Athens' revival from this blow was gradual and reached its peak in the second century of our era, chiefly under the philhellene Emperor Hadrian (117-138) who extended the city, built the great Library and completed the temple of Olympian Zeus. Herodes, son of Atticus, a man of extraordinary wealth, set up the last great building of antiquity, the Odeion, during the reign of the philosopher king Marcus Aurelius (161-180). In 267 the first barbarians, the Herules, broke into the city, plundering and destroying. The city shrank within a newly constructed wall. Just as the Roman Empire as a whole recovered however, so also did Athens.

"Waiting for the barbarians ...", the city was yet full of life. It hosted innumerable foreign students and travelers, and continued to be a centre of teaching. Among its visitors was the Apostle Paul around 50 CE. Three figures who studied in Athens played decisive roles in the history of that critical turning-point, the fourth century. One was the future Emperor Julian (361-3), a Neo-Platonist and the last anti-Christian Emperor. The other two were amongst the greatest figures of Christian history, Basil from Caesarea and his friend Gregory of Narianzus in Cappadocia. They formulated the faith of the Church in the Holy Trinity in its definitive form, developed a pioneering social witness through the creation of hostels and hospitals open to all human beings and opened the road for classical culture to become thenceforth a valued support to Christian education.

In 395 the barbarian Goths under Alaric attacked, but the city was able to withstand them. Athens gave Constantinople the wife of the Emperor Thodosios 11 (408-450), Athenais, daughter of a pagan philosopher who changed her name to Eudocia, and the city hosted the Neo-Platonist philosopher Proclus, from Lycia. Its philosophical brilliance was only extinguished in 529 when the Emperor Justinian (527-565) closed its philosophcal schools on account of their pagan teaching.

Through the dark centuries, which followed the repeated appearance of the bubonic plague after 541-542, the incursion of Slavs from 580, and the invasions first of the Persians into Asia Minor, and then the Arabs in the 7th century, Athens remained under the rule of Constantinople, but there was a dramatic demographic decline in Athens, as there was in the Empire. The Empress Irene (780-802), who summoned the Second Council of Nicaea in 787 to define the theological content of the doctrine of the veneration of icons, and who was also the first woman formally to rule in her own right, came from Athens. As in the wider Greek-speaking world so also in Athens this was a period of suffering and insecurity, until the expulsion of the Arabs from Crete in 961.

There was a noticeable revival in the 10th, 11th and the larger part of the 12th century, when Athens and Attica as a whole were enriched with the many beautiful churches that still adorn them, the expression of a school of architecture distinct from that in Constantinople and based in the region of Hellas. Examples are the churches of Soteira Lykodimou, a copy of the Katholikon of the Monastery of Osios Loukas in Boeotia, the Holy Apostles in the Agora, the St. Theodore in Klathmonos Square, the Kapnikarea in Ermou Street, the Gorgoepikoos (or little Metropolis); and, outside the city, the monasteries of Dafni with its important mosaics and of Kaisariani. The Parthenon was by now a Christian church dedicated to the Virgin Athiniotissa, where the Emperor Basil 11 (976-1025) gave thanks for his victories against the Bulgarians.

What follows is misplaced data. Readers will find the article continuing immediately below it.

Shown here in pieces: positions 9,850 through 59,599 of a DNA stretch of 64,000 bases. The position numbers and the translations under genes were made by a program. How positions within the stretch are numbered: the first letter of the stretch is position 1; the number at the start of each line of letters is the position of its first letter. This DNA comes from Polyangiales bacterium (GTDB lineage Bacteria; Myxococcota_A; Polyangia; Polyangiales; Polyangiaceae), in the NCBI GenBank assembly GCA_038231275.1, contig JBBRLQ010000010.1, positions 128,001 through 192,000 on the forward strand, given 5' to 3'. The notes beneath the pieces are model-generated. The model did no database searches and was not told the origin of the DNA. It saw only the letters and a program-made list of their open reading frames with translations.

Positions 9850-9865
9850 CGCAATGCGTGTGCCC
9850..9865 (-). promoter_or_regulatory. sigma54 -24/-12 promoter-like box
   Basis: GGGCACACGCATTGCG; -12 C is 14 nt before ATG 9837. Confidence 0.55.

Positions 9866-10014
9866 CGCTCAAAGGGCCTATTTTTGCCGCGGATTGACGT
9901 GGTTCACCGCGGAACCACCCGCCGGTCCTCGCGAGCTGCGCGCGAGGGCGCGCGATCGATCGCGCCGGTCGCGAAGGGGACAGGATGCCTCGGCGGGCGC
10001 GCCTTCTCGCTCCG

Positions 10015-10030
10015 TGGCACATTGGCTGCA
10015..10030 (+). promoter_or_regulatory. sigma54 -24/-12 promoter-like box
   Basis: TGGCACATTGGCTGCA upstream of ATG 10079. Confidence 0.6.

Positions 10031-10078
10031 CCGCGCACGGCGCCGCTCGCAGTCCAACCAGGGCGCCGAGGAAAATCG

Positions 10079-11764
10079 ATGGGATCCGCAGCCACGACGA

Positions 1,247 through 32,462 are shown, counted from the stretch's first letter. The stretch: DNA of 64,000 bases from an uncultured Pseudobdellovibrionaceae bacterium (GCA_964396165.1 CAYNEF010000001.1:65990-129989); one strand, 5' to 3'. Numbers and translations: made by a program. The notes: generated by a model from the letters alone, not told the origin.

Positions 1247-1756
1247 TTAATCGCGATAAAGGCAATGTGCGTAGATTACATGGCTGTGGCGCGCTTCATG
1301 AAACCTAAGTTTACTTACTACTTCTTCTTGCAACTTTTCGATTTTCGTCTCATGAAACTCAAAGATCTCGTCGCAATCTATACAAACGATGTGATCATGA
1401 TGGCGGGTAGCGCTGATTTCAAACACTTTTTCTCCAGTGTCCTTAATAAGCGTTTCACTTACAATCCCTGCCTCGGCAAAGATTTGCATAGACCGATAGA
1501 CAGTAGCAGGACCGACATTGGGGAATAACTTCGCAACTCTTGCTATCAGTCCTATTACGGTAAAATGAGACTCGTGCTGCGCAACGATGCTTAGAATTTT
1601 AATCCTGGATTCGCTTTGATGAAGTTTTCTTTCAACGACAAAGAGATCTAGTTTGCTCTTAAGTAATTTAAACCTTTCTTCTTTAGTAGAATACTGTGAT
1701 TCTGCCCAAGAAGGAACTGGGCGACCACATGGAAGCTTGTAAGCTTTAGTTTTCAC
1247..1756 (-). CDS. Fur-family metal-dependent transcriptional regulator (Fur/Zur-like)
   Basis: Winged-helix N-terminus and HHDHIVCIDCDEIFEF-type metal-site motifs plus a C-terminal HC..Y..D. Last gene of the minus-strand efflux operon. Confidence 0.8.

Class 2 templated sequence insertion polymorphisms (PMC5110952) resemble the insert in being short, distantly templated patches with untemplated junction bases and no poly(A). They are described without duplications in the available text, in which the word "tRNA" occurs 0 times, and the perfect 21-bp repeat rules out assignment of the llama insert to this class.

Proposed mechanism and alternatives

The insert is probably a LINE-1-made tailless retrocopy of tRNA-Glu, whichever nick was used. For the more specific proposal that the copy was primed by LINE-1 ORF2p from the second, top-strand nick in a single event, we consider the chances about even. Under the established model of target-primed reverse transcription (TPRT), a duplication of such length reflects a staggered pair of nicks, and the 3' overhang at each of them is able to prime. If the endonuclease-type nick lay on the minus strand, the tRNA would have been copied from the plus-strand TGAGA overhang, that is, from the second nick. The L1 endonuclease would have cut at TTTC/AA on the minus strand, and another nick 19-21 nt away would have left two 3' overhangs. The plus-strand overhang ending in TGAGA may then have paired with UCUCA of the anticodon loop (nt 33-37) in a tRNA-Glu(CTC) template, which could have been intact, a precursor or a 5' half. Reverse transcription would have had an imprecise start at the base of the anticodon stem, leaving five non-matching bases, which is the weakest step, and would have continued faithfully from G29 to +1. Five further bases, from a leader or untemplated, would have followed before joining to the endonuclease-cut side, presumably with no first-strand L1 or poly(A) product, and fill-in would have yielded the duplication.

The scholarly bishop of Athens, Michael Choniates (1182-1204), brother of the historian Niketas, in his letters mourns the city's condition, and his laments joined with those of the Athenians when in 1204 French Crusaders captured the city, setting up the Duchy of Athens. This was the beginning of Frankish rule. There followed the mercenary Catalan Grand Company (1311-1385) and, finally, the Florentine dukes Acciajioli (1385­1394 and 1403-1446) and Venice (1394-1403), who alternated in power.

In 1456 Ottoman rule began. Important monuments of the 16th century are the Hamam of Abit Efendi, the Fetiye Cami and the church of the Metohi of the Holy Sepulchre in Jerusalem, which was built around 1600. A notable figure of the 16th century was the new martyr Filothei, the most popular Athenian saint, who was noted for social work, as for instance her founding of the first school for Athenian girls and her efforts to repatriate enslaved women to their homes. She died from wounds received at the hands of a group of the city's conquerors.

After the failure of the Ottomans to capture Vienna in 1683 there was a counterattack by the Christian powers under the leadership of Austria in the Balkans and of Venice in the Mediterranean, which led to the capture of the Peloponnese and then an attack on Athens.

On 26th September 1687 the Venetian general Morosini bombarded the Acropolis, setting off an explosion in the powder store established in the Parthenon, thus causing great damage to one of the greatest monuments ever created, which had until then remained almost intact. The six-month long Venetian occupation ended with the forced abandonment of the city by most of its inhabitants, chiefly to the Peloponnese. Three years later, however, a gradual return to Athens began. There followed a second period of Ottoman rule during which the Tsidaraki Mosque was erected (1750). In 1778 the Governor Hadji Ali Haseki built a new wall after the defeat of an attempted incursion by Muslim Albanian irregulars. Haseki then imposed heavy taxation and behaved with great severity towards the people.